In this case, we can all argue that students are very sensitive to increases in costs in general, but the determining factor in their demand for parking permits is more likely to be the quality of alternative solutions. If the bus service does not allow students to travel between home, school, and work in a reasonable amount of time, many students will resort to buying a parking permit, even at the higher price. Because students don’t generally have extra money, they may grumble about a price increase, but many will still have to pay.

Let’s add some numbers and test our thinking. The college implements the proposed increase of $8. If we divide that by the original price ($40) then we can see that the price increase is 20% (8 / 40 = 0.20). Last year the college sold 12,800 student parking passes. This year, at the new price, the college sells 11,520 parking passes—which is a decrease of  10%, as shown below:

12,800 – 11,520 = 1,280

1,280 / 12,800 = 1 / 10 = 10%

Without doing any more math, we know that a 20% change in price resulted in a 10% change in demand. In other words, a large change in price created a comparatively smaller change in demand. This means that student demand is inelastic. Let’s test the math.

% change in quantity demanded / % change in price =  absolute value of price elasticity

10% / 20% = 0.10 / 0.20 = 0.50

0.50 < 1

When the absolute value of the price elasticity is < 1, the demand is inelastic. In this example, student demand for parking permits is inelastic.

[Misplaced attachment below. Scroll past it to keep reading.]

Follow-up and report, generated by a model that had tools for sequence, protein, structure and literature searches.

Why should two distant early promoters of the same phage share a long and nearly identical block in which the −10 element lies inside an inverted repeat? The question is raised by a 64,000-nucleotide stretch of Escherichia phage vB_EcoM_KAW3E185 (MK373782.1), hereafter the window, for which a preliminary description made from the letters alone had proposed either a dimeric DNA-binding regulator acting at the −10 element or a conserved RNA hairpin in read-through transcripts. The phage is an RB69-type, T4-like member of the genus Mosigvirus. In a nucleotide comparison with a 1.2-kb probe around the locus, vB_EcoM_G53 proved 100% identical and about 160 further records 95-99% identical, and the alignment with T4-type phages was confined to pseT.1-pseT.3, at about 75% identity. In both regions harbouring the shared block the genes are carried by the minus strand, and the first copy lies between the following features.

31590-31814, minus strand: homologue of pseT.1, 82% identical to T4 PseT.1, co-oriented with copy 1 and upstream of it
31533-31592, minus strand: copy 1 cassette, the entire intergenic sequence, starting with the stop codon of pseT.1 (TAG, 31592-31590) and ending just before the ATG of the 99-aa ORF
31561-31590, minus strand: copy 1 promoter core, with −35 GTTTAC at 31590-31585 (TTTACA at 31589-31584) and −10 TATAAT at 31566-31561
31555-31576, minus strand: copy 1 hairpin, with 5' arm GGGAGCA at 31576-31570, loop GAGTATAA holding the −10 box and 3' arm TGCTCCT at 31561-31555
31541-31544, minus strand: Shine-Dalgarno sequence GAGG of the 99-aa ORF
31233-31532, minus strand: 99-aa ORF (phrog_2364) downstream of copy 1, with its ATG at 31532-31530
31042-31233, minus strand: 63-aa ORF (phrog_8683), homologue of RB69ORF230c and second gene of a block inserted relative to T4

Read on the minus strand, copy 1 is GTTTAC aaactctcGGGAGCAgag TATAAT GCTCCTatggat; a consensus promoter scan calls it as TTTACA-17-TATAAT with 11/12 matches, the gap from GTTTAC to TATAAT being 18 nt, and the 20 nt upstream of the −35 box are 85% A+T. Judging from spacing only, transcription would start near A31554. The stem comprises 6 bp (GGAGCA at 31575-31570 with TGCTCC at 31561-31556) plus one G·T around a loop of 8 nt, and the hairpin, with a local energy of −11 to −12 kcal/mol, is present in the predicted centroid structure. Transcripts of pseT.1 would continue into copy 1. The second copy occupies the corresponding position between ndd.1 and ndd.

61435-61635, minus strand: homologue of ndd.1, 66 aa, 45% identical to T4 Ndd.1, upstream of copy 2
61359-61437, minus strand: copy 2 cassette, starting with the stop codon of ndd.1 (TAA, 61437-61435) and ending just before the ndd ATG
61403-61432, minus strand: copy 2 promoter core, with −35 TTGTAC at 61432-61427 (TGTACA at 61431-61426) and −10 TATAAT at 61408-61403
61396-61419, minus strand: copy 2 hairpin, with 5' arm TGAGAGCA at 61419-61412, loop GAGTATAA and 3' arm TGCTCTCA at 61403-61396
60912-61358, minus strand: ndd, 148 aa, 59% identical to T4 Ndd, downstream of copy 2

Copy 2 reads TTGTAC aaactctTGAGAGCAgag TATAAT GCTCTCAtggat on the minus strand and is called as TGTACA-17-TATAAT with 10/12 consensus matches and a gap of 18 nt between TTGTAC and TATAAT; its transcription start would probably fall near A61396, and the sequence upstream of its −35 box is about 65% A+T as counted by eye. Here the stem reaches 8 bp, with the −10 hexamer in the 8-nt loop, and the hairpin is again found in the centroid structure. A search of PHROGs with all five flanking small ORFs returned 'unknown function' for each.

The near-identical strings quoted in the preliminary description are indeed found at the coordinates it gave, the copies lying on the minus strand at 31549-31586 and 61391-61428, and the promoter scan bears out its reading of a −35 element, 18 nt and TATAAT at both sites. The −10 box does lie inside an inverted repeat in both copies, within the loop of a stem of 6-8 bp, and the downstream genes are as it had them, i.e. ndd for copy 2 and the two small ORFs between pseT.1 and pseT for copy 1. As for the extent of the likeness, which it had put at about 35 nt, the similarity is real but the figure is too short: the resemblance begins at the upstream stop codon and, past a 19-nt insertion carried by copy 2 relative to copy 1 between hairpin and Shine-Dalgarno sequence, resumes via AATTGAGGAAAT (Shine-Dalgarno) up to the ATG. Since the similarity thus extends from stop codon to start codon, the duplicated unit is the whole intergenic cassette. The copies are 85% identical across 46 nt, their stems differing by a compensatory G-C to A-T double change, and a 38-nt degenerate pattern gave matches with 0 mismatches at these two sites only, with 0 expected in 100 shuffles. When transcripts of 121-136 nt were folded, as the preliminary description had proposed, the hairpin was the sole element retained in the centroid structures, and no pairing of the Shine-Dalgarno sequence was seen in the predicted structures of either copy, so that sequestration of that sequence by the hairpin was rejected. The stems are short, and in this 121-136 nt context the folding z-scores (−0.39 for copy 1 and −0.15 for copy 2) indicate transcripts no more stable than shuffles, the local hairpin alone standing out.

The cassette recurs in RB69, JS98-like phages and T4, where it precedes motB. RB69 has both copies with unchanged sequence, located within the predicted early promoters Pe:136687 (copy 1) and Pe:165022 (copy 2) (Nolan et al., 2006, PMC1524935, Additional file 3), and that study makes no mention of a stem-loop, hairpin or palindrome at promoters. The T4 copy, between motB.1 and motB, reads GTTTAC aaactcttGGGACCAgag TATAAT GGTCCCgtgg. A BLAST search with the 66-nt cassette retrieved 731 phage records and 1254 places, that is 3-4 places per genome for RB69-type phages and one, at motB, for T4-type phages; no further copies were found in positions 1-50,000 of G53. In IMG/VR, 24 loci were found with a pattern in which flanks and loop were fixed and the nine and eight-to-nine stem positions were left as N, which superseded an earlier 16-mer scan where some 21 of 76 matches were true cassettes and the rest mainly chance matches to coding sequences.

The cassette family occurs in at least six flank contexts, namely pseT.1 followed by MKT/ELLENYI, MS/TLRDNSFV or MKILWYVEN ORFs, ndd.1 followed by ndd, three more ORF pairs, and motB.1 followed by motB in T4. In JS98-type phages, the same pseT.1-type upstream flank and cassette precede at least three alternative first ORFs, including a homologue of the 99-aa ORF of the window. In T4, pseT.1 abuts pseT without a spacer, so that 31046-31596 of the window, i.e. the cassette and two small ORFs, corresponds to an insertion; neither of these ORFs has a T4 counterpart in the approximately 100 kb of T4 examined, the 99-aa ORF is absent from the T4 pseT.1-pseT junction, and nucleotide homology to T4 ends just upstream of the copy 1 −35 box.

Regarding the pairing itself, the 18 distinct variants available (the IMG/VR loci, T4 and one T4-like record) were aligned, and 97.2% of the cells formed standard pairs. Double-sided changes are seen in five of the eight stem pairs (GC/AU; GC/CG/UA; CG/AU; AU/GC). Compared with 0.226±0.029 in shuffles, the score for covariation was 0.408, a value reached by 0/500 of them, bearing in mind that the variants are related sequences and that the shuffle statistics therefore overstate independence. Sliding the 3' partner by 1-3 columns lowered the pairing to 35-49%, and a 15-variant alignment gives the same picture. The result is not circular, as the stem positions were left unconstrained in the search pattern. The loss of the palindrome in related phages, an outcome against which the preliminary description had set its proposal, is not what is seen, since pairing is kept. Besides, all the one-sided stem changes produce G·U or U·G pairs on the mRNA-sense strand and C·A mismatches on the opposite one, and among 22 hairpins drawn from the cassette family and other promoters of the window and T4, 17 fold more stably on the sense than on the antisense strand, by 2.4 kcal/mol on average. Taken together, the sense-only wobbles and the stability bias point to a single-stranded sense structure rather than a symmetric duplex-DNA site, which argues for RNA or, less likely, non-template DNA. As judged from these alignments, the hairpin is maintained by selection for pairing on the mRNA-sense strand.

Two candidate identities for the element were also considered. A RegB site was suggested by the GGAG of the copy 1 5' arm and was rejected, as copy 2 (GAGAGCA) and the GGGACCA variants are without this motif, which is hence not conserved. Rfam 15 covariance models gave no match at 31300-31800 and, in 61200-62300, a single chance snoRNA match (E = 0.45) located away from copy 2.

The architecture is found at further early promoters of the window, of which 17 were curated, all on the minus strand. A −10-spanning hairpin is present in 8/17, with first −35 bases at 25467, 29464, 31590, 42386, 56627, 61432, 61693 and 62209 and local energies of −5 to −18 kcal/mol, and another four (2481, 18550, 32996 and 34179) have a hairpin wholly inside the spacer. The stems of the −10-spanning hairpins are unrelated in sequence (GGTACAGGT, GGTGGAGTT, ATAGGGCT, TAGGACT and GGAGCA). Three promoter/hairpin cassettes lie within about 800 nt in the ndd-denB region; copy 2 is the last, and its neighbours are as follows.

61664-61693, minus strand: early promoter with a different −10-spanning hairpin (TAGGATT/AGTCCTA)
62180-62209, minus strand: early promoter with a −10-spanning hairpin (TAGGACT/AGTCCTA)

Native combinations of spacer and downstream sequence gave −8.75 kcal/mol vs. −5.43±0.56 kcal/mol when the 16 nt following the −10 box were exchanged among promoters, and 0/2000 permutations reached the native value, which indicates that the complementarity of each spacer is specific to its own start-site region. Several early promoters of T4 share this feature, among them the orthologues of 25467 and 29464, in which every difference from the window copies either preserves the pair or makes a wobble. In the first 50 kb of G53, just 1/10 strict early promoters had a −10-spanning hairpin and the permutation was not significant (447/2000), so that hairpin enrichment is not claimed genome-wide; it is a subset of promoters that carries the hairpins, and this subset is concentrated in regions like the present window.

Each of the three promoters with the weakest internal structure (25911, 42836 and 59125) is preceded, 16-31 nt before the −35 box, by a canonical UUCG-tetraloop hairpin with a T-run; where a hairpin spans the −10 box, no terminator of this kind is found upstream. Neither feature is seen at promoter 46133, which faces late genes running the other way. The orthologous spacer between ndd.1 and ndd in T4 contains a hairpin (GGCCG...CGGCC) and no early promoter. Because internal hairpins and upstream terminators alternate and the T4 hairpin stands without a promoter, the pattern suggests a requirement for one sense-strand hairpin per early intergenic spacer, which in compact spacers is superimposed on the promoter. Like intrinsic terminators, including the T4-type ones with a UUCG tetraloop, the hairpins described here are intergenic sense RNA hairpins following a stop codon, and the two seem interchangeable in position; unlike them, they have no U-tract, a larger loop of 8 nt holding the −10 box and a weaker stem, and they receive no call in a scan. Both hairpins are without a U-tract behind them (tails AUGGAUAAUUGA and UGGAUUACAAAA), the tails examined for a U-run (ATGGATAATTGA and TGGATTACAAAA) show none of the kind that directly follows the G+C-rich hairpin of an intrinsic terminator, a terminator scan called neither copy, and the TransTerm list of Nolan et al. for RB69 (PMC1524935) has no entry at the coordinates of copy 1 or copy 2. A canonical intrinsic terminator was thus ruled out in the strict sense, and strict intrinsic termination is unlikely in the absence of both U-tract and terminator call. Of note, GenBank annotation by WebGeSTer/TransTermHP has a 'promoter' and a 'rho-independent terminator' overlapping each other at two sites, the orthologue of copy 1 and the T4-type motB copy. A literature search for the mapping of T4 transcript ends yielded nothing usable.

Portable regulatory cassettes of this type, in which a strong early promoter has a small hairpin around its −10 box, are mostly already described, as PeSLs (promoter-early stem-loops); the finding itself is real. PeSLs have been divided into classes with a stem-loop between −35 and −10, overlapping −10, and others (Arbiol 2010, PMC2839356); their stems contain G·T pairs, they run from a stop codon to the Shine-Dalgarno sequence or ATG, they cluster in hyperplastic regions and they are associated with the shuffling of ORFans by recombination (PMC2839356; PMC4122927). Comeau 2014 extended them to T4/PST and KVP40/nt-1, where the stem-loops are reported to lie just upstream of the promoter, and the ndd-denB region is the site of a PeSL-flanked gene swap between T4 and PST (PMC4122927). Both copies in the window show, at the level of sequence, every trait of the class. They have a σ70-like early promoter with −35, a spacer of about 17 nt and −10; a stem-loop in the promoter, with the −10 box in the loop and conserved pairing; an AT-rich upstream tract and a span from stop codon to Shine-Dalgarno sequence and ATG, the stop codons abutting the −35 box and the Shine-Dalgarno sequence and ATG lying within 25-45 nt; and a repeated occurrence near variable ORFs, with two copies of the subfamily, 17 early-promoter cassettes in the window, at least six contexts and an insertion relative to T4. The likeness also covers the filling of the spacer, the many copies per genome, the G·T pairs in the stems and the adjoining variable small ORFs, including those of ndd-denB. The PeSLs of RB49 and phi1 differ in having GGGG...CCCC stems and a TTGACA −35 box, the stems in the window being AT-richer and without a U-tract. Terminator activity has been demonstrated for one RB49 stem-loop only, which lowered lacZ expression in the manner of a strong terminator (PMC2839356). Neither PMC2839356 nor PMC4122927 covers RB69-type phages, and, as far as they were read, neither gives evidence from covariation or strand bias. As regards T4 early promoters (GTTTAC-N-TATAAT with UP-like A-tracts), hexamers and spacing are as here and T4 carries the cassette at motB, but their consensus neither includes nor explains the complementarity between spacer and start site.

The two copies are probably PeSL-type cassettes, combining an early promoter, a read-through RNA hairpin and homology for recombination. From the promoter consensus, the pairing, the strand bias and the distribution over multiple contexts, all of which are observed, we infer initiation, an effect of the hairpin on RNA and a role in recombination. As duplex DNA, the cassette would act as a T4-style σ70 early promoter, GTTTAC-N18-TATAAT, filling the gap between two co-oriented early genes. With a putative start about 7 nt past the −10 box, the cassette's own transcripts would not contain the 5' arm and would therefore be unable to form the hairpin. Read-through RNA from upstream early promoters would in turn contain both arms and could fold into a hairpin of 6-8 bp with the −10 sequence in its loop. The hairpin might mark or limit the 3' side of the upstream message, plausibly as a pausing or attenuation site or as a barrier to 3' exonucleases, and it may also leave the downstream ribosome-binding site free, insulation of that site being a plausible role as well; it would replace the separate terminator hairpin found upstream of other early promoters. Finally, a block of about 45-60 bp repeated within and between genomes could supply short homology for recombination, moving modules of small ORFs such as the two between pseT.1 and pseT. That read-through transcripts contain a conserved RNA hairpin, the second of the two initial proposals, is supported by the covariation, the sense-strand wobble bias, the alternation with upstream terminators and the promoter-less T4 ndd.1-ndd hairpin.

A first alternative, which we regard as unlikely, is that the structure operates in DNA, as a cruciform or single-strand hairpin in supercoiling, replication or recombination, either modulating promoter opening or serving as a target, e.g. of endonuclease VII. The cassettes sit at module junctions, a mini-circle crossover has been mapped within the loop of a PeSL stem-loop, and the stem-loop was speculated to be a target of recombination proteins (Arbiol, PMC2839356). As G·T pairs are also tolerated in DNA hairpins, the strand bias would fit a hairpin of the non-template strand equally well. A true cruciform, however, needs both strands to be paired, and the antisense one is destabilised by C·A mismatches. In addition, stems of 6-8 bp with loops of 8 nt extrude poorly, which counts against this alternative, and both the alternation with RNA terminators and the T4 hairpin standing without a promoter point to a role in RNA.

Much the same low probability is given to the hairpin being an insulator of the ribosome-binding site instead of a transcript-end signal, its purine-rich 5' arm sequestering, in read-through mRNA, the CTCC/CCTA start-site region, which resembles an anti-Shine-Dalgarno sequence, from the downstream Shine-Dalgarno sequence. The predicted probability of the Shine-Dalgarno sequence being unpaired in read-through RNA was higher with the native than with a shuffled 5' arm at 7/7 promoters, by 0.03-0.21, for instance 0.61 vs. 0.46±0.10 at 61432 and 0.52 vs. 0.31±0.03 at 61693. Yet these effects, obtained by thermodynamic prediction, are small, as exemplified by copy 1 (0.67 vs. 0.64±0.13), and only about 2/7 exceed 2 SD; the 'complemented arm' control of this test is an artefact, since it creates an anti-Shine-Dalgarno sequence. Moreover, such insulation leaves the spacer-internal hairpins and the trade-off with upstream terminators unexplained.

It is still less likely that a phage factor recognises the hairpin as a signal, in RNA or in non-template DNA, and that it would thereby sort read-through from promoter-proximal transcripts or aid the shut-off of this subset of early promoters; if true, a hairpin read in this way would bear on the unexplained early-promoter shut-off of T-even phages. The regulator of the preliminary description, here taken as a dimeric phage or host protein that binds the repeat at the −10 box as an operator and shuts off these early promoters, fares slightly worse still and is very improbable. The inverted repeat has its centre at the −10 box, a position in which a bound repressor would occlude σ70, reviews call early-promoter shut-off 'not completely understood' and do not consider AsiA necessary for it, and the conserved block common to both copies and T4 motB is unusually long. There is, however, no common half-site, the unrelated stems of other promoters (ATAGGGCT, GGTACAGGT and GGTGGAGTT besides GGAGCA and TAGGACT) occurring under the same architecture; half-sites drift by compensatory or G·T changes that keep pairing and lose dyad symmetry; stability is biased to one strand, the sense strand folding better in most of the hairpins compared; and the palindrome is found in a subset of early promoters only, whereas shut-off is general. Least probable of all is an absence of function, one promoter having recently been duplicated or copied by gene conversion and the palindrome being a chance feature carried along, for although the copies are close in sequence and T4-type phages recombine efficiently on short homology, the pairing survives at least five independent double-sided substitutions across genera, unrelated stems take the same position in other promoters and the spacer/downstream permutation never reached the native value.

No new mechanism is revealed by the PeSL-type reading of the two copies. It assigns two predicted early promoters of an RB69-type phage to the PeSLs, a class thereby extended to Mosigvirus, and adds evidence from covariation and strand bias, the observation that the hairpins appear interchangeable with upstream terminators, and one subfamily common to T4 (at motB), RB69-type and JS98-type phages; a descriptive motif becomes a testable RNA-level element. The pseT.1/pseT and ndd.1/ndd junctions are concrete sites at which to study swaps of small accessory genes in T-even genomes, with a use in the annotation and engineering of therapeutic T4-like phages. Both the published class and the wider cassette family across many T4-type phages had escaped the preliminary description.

What impact does the price change have on the college and their goals for students? First, there are 1,280 fewer cars taking up parking places. If all of those students are using alternative transportation to get to school and this change has relieved parking-capacity issues, then the college may have achieved its goals. However, there’s more to the story: the price change also has an effect on the college’s revenue, as we can see below:

Year 1: 12,800 parking permits sold x $40 per permit = $512,000

Year 2: 11,520 parking permits sold x $48 per permit = $552,960

The college earned an additional $40,960 in revenue. Perhaps this can be used to expand parking or address other student transportation issues.

In this case, student demand for parking permits is inelastic. A significant change in price leads to a comparatively smaller change in demand. The result is lower sales of parking passes but more revenue.